BPS members at Justice Committee hearing in Scotland
Reoffending rates in Scotland could be reduced if brain injuries among prisoners are recognised sooner, psychologists are argued at a Justice Committee hearing this week.
According to Dr Jean McFarlane, joint chair of the British Psychological Society's Division of Neuropsychology, research has shown people are more likely to reoffend if they have a traumatic brain injury.
As a result, she believes more needs to be done to identify high-risk individuals when they are being screened in prison, as this would prevent crime from being committed and reduce the number of reconvictions.
Dr McFarlane presented her argument in front of the Justice Committee which heard evidence from academics and psychologists about how offenders with traumatic brain injuries can be identified.
Research by Professor Huw Williams of the University of Exeter has already demonstrated that about 60 per cent of male prisoners have experienced head injuries at some point in the past.
He said this is connected with earlier, more violent and persistent offending, which means it is "vital that we screen and manage such problems in offenders".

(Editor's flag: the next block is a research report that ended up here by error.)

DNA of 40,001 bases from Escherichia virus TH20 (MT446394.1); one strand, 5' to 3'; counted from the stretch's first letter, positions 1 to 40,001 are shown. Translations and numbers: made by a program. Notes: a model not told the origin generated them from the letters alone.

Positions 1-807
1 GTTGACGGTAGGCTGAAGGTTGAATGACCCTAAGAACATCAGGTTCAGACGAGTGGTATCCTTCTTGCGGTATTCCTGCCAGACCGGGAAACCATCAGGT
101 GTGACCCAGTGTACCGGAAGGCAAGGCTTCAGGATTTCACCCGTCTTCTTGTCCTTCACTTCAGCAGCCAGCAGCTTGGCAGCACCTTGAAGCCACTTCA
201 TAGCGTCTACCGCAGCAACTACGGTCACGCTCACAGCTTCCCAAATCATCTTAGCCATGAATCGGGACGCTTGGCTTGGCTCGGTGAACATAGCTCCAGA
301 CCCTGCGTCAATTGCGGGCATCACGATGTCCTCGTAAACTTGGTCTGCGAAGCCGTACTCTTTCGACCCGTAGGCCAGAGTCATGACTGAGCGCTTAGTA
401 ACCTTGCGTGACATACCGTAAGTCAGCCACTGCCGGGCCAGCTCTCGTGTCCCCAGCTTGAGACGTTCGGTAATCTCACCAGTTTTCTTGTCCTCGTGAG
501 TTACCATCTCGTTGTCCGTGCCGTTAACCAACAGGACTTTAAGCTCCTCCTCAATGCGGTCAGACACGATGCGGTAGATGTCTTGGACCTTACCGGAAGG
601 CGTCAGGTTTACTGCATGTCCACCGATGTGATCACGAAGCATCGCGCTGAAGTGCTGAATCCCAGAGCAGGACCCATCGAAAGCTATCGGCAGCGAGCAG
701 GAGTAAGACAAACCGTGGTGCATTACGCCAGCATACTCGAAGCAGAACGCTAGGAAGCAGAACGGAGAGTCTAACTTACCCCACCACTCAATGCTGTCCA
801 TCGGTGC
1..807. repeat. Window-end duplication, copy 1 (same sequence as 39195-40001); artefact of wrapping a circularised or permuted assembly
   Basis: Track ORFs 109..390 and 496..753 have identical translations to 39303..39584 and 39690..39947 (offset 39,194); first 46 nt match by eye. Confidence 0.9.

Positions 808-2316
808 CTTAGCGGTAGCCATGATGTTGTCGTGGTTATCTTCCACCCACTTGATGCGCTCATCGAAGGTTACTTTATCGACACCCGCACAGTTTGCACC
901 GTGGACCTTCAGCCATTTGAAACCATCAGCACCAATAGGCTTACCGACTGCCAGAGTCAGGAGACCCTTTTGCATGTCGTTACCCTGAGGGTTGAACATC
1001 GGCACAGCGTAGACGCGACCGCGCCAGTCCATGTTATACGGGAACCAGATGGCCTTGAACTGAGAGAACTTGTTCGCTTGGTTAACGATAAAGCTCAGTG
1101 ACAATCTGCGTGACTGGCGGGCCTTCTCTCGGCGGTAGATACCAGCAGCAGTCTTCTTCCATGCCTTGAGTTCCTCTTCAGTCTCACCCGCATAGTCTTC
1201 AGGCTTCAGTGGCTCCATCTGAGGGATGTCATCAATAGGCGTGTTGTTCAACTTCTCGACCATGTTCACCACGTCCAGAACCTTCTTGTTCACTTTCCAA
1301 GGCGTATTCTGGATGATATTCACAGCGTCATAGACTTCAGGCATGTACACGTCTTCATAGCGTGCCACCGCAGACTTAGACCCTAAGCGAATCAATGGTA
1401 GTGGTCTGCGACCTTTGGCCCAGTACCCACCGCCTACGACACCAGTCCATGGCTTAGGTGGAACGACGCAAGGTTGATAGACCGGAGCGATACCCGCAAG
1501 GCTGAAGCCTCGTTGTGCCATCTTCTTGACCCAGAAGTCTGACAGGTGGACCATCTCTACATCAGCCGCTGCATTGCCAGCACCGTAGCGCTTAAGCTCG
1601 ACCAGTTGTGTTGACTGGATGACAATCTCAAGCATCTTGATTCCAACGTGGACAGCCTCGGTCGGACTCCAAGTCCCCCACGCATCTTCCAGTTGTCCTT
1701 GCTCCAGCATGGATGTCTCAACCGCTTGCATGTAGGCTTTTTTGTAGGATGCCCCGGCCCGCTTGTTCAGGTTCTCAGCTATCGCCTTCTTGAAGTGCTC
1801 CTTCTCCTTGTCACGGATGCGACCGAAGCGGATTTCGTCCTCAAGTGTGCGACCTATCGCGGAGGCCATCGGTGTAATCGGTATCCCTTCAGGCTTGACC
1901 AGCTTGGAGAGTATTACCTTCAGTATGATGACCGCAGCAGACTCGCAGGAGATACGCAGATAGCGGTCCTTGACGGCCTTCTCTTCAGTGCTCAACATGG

Professor Williams added that picking up on brain injuries more effectively could steer children and young people "away from a future of crime".
Earlier this year the British Psychological Society held a reception at the Scottish Parliament to raise awareness of the increased risk of reoffending behaviour following injury to the head and brain. This was organised by the BPS Divisions of Neuropsychology and Forensic Psychology and the BPS Scottish Branch.
The event demonstrated how psychology services intervene to reduce reoffending behaviour in those with head injury with a call for more support for research, funding for pilot services aimed at screening and intervention, and policy change. Read the article here.
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